Vivente Bikes to roll out from Tasmania

While many bike manufacturers head to Asia for cost efficiencies, founder and managing director of Vivente Bikes, Noel McFarlane, has decided it makes more economic sense for him to move operations to his north-west Tasmanian farm.

The worldwide shortage of bike parts has given him the opportunity to make the move while he waits for ordered components to start trickling back in at the end of this year.

The move means he saves on rent and has the space he needs to create bespoke touring setups for his customers.

Vivente are known for their high-quality touring bikes, including the offering of internal rear hub gear options to minimise mishaps on the road.

There are very few companies making these bikes outside of Europe, with Vivente in Australia and a few operations in the US.

Noel says about half of his clients are overseas and rising freight costs means he’s made the decision to stop making his derailleur models in favour of the Rohloff models.

“We have been absorbing the rising cost of freight for the past two years in the hope they would return to pre-COVID levels but that looks like it won’t happen. The cost of freight is part of the reason why we’ve decided to only make the Rohloff models.

“The other reason is that Shimano has greatly reduced their commitment to 9-speed and to triple systems. The Rohloff hubs fit in with our ethos to create long-lasting, rugged bikes that you can take off road without too many dramas,” Noel said.

Small touring bike market allows flexibility

Noel says high-end touring bikes make up only ¼ of 1% of global bike sales, which means the mass assembly used for more in demand models doesn’t work for Vivente.

“Bike assembly factories have made it clear that they are not interested in varying specifications. They want all their workers on the same model at the same time, which means they have minimum order quantities much higher than Vivente’s needs,” Noel said. 

Because Vivente is only making a couple of bikes a day, Noel said it can easily offer limited variations that suit touring rider needs. The main variations he can offer without affecting the price too much are the gearing ratio, tyres and saddles.

“With Rohloff hubs on a 700C bike with 40 mm tyres a 50-tooth front cog and 19-tooth rear cog, you get a bottom gear that you could ride up a mountain, loaded with luggage. That’s the standard, but if you haven’t cycled for decades, you’re got a loaded bike travelling through mountainous areas, or just don’t think you are strong enough, there’s the option for a lower gear ratio.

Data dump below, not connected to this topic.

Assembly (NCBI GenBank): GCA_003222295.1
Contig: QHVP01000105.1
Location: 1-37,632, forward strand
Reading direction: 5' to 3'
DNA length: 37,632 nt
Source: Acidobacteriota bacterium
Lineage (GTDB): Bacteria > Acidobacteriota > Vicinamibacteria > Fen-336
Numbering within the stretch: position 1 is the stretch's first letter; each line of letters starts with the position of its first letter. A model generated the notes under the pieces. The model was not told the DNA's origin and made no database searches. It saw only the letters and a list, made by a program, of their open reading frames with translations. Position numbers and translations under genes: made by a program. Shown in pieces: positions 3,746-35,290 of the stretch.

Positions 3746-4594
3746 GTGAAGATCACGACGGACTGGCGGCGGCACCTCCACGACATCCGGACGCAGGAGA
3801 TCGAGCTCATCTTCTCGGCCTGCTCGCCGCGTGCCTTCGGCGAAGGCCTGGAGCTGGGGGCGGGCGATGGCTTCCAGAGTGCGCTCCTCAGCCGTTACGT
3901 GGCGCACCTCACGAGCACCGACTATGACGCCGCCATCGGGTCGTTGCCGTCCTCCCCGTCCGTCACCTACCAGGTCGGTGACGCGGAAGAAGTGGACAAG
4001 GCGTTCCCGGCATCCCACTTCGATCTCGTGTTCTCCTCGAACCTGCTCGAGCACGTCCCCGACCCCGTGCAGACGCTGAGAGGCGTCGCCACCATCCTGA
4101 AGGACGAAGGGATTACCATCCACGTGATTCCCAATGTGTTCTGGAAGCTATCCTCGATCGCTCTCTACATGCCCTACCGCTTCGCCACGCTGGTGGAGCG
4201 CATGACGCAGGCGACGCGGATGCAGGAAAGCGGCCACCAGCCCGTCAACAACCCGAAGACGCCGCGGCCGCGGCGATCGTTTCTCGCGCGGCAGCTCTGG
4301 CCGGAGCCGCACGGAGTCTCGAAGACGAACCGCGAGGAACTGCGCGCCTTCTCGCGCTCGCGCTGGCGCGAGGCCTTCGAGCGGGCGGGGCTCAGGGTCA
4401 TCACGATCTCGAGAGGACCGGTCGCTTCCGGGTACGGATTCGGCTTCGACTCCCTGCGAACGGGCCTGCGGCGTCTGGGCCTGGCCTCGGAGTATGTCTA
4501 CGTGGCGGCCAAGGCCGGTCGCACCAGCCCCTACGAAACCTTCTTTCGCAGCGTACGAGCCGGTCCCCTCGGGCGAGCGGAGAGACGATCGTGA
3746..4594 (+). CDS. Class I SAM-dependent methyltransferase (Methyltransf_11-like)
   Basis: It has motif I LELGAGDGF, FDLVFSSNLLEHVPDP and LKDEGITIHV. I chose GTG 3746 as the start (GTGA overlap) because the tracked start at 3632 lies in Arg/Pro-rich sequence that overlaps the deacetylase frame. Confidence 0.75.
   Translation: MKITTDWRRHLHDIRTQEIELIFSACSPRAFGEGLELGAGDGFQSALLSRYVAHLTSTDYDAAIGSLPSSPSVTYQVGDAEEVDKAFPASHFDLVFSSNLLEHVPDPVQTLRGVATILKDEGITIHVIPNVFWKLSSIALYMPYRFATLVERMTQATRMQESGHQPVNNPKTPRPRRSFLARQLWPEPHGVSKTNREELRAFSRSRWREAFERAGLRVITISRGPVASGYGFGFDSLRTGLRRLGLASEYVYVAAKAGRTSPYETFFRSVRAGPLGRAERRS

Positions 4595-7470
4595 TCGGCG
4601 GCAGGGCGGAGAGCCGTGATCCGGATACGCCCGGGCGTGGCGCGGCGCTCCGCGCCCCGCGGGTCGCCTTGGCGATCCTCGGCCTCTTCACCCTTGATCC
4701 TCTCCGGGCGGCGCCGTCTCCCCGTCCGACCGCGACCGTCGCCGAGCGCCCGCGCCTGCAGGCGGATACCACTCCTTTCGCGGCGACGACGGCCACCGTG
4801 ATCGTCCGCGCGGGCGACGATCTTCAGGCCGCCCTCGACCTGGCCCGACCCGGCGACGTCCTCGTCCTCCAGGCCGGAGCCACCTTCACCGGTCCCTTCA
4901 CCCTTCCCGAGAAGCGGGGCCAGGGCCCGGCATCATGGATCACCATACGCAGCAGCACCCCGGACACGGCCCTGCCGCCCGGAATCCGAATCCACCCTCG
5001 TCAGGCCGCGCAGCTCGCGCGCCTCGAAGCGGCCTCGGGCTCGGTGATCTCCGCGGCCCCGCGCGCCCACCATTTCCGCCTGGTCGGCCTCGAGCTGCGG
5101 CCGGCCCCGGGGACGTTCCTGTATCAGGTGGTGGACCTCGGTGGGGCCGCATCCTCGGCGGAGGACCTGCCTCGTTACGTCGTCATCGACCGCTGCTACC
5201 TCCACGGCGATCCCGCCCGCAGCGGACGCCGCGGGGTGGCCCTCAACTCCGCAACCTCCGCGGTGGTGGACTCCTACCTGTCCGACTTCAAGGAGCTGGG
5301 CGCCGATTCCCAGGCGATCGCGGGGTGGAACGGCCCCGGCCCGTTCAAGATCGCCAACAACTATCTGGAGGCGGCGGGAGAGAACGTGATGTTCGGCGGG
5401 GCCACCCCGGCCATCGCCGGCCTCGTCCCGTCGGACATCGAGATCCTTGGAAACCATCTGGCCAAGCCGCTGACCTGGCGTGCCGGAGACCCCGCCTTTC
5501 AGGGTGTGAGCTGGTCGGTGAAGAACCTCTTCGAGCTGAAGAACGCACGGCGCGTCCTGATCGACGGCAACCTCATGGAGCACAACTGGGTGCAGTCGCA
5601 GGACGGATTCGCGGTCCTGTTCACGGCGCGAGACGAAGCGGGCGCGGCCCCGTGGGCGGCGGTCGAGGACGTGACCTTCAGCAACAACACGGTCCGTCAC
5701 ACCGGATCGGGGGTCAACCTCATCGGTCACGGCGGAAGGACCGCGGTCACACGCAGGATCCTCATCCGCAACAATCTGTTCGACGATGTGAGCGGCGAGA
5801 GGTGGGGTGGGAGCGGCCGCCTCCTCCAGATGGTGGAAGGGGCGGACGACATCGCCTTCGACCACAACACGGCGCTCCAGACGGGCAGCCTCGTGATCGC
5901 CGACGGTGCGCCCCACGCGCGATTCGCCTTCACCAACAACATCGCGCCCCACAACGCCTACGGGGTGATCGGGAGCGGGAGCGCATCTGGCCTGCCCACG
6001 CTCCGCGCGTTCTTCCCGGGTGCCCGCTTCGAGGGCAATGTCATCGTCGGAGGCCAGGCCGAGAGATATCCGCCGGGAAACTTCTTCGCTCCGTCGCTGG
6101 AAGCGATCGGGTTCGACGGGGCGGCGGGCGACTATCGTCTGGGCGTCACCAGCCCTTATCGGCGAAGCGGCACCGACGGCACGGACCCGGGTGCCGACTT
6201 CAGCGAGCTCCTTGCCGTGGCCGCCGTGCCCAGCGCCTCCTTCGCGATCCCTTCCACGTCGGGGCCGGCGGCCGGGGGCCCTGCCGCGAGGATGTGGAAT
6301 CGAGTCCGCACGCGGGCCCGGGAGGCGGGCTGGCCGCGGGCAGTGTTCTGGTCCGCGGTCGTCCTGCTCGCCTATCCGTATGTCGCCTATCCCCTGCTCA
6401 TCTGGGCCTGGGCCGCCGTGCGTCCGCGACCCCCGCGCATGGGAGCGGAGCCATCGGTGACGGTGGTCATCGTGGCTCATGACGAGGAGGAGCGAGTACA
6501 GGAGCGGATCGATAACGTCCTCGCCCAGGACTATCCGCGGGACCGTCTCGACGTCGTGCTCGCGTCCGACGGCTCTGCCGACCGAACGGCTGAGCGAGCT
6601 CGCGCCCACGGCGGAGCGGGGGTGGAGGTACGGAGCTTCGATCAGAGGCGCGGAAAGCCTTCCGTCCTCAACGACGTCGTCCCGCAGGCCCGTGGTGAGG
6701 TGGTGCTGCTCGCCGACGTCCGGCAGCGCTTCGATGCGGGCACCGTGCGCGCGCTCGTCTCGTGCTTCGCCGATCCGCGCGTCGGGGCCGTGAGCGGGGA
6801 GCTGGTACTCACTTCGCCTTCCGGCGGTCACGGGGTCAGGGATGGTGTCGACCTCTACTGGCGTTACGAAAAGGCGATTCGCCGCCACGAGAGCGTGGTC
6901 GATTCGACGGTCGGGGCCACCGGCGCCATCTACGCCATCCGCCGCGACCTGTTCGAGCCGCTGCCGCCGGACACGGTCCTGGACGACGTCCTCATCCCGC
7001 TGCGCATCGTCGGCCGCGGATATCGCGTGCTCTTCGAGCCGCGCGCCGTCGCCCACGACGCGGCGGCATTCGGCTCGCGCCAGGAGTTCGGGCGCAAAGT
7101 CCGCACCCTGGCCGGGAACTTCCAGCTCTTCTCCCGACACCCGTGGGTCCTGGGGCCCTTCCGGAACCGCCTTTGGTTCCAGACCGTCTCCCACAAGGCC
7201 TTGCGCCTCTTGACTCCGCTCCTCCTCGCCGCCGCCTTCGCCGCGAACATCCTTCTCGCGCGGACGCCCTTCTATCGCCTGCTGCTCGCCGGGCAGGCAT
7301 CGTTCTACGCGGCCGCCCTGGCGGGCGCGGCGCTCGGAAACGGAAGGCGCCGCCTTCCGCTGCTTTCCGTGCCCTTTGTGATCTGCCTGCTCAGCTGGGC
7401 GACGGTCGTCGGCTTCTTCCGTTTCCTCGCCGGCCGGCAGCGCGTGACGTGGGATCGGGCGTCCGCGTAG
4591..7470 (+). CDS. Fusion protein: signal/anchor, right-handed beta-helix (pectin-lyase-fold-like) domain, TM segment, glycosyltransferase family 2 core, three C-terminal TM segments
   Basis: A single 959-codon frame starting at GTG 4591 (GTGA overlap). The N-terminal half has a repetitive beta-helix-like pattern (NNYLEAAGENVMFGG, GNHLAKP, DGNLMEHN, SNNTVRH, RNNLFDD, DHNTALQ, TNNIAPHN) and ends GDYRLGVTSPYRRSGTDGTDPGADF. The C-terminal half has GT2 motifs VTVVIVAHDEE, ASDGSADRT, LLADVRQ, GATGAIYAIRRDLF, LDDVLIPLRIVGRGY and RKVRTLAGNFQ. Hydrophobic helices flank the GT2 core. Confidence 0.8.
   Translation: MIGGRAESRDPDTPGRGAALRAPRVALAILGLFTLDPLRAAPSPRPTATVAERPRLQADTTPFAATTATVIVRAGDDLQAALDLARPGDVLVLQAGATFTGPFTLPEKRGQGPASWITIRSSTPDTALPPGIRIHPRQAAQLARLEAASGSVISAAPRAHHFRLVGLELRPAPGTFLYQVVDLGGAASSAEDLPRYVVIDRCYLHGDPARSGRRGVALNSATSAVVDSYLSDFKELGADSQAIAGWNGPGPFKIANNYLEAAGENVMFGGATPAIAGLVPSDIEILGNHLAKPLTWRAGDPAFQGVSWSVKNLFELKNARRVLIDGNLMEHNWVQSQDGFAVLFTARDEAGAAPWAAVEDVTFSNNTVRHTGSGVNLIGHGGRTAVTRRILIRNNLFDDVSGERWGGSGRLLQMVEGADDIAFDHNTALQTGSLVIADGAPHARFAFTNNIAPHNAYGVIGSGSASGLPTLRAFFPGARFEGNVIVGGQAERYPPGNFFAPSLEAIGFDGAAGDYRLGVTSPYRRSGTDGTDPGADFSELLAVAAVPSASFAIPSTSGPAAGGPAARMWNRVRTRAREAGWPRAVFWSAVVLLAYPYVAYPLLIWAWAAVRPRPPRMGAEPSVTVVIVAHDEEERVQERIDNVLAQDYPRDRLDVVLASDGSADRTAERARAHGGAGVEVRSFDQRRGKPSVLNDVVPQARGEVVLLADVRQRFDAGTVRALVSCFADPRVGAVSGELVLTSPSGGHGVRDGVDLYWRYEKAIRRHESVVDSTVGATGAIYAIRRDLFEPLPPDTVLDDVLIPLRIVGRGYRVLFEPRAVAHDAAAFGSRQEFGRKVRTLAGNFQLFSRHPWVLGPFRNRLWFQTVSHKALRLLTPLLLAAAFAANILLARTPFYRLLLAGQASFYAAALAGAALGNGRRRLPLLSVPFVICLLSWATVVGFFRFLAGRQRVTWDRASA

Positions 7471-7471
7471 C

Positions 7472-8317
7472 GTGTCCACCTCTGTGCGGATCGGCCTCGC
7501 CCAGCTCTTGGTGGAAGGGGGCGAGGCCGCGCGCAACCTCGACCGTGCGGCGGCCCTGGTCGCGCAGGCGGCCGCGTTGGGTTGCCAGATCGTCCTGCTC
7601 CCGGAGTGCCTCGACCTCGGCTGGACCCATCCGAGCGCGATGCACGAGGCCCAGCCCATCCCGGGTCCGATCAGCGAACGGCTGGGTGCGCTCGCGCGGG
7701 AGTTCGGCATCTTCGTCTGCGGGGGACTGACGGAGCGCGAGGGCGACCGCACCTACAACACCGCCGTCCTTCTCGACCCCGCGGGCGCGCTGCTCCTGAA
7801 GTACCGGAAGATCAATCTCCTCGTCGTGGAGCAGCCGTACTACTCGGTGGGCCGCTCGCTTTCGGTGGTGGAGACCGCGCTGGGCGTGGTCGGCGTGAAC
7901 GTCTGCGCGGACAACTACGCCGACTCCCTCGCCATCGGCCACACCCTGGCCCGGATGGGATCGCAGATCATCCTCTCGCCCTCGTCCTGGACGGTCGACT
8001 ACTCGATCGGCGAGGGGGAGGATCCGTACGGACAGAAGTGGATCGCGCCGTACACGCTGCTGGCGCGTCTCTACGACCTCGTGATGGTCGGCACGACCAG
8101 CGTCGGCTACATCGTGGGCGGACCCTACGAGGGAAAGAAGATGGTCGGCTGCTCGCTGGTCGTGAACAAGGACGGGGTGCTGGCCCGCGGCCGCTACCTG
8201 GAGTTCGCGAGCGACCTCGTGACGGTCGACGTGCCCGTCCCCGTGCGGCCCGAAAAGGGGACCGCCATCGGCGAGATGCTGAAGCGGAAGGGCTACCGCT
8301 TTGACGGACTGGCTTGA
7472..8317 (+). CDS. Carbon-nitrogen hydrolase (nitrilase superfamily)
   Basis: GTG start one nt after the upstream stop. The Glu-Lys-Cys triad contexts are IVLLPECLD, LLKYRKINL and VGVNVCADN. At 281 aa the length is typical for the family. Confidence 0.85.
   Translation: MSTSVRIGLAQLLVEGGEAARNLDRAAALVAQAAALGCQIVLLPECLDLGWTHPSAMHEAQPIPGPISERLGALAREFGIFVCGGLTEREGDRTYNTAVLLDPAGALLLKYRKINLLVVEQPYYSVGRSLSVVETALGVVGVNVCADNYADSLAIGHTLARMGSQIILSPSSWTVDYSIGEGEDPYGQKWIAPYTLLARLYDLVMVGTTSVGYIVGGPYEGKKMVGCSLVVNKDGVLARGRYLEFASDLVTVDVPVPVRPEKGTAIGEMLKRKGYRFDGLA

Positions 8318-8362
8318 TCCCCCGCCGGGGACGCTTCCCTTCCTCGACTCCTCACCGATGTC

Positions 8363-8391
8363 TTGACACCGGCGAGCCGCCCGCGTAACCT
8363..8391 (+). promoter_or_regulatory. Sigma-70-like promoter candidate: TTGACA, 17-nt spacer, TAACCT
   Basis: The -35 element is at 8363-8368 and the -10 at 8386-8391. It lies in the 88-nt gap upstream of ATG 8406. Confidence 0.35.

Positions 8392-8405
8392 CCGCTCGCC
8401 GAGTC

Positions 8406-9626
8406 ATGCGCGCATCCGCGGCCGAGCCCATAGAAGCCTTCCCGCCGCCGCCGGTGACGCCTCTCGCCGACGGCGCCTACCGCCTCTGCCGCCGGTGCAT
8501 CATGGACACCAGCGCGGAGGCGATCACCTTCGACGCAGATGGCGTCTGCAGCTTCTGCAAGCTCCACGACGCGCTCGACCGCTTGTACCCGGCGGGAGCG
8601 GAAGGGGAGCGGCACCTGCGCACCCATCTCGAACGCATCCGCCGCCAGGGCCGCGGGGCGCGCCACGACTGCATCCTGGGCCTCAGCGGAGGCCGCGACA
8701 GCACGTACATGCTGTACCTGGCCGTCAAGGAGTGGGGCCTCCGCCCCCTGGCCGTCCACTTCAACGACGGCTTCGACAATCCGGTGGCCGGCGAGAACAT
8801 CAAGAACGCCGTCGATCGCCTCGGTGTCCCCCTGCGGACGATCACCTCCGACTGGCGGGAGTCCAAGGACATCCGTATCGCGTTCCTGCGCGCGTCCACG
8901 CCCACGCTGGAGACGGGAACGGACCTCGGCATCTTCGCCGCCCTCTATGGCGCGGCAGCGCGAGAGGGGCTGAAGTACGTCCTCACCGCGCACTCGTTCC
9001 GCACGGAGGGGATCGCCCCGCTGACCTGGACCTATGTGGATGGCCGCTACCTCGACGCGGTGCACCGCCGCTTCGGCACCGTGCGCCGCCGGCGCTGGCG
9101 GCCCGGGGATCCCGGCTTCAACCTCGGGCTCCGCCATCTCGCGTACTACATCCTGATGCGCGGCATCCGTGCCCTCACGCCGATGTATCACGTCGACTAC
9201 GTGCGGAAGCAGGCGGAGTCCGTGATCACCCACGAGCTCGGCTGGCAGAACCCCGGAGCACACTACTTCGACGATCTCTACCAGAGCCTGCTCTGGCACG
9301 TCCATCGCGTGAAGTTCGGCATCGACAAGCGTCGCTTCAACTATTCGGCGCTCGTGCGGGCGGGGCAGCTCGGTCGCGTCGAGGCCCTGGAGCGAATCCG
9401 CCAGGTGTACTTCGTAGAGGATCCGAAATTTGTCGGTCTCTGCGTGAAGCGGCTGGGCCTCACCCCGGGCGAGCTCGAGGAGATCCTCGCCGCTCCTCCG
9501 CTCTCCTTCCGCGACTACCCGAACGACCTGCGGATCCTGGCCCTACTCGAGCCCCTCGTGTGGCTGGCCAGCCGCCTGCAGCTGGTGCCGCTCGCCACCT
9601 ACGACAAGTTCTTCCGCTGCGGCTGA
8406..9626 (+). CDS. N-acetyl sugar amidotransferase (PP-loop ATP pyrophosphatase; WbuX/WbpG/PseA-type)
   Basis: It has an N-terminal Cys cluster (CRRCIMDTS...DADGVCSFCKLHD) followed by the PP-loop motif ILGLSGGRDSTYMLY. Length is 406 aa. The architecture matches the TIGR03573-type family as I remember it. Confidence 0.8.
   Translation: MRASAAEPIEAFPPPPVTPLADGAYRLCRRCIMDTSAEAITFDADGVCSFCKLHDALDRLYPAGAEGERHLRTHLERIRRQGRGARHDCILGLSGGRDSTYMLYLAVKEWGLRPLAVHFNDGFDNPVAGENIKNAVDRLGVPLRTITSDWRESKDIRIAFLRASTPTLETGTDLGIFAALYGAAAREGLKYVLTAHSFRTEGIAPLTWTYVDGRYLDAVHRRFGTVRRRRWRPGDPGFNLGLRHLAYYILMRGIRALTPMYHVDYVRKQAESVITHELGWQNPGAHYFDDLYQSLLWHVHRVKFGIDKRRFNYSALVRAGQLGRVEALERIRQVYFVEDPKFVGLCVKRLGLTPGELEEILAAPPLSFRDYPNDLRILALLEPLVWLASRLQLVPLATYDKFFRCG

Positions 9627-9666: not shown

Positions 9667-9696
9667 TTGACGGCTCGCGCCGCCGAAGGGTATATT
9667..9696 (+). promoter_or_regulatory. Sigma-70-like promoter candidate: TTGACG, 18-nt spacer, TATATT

“Lower gear ratio bikes also suit people who may want to fly with their bike but don’t want the hassle of flying with an ebike. For these riders a gear ratio using a 46-tooth front cog and 22-tooth rear cog provides a bottom gear down to 15 inches, which you can’t buy off the shelf anywhere because the market is so small. To some people this is very important in giving them the confidence to go on a loaded tour”.

Swapping tyres and saddles

The other variation Vivente can offer is with tyres, which normally have come in the 700C sizing.

“Lots of people who are riding prefer off-road gravel conditions to road riding and want a wider tyre to create more grip or contact and softer ride. You wouldn’t’ find a bike manufacturer who would swap out the tyres because it changes gear ratios and affects rims.

“The 650B or 27.5 inch size, with a wider tyre, happens to have the same outer diameter as 700C and it just needs wider mudguards, all we have to do is carry stock of the extra rims, tyres, tubes and mudguards.

“This means we can cater for the different needs without any cost difference for the buyer. It’s easier to have two sets of wheels than two bikes if you want to do a variety of touring options, from good quality surfaces in Europe to the Mawson Trail,” Noel said.

Selling all over the world

Around half of Vivente’s customers are in Australia and the others in the US, Japan and Singapore.

The significant number of US customers has also allowed the move to Tasmania as Australia will now have an advantage over other companies in the US bringing in bikes from Asia due to the Free Trade Agreement removing tariffs for Australia.

The company’s longstanding reputation means it doesn’t need to advertise and only has one or two selected retail outlets in each Australian state. In Tasmania it’s Cycle2 in Launceston and in the south they are available through LongHaul Tasmania.

The other important element to the company’s success is that Noel is constantly testing componentry and ideas on his touring trips around the world.

The Vivente website gives you a rundown on some of these rides – you can take your pick from Australia, Japan, India, Germany and many others to see how different models of the bike performed.

Scrolling through the blog posts it feels like Noel has covered most parts of the world but he still has a few entries in his bucket list.

“A lot of Africa is still on the list for potential touring and Afghanistan and Iraq, North East India, and Madagascar. COVID’s changed things. I was intending  touring through the southern US states in the lead up to the 2020 election to mix my two interests of cycling and politics.

“But I’ve got back into cycling in Australia during COVID, central western NSW is a great place to tour and I’m now interested in doing the Mawson Trail. It’s made me realise again how good a lot of Australia is for bike touring.”

You can find out more about Vivente bikes and all the places they can take you online: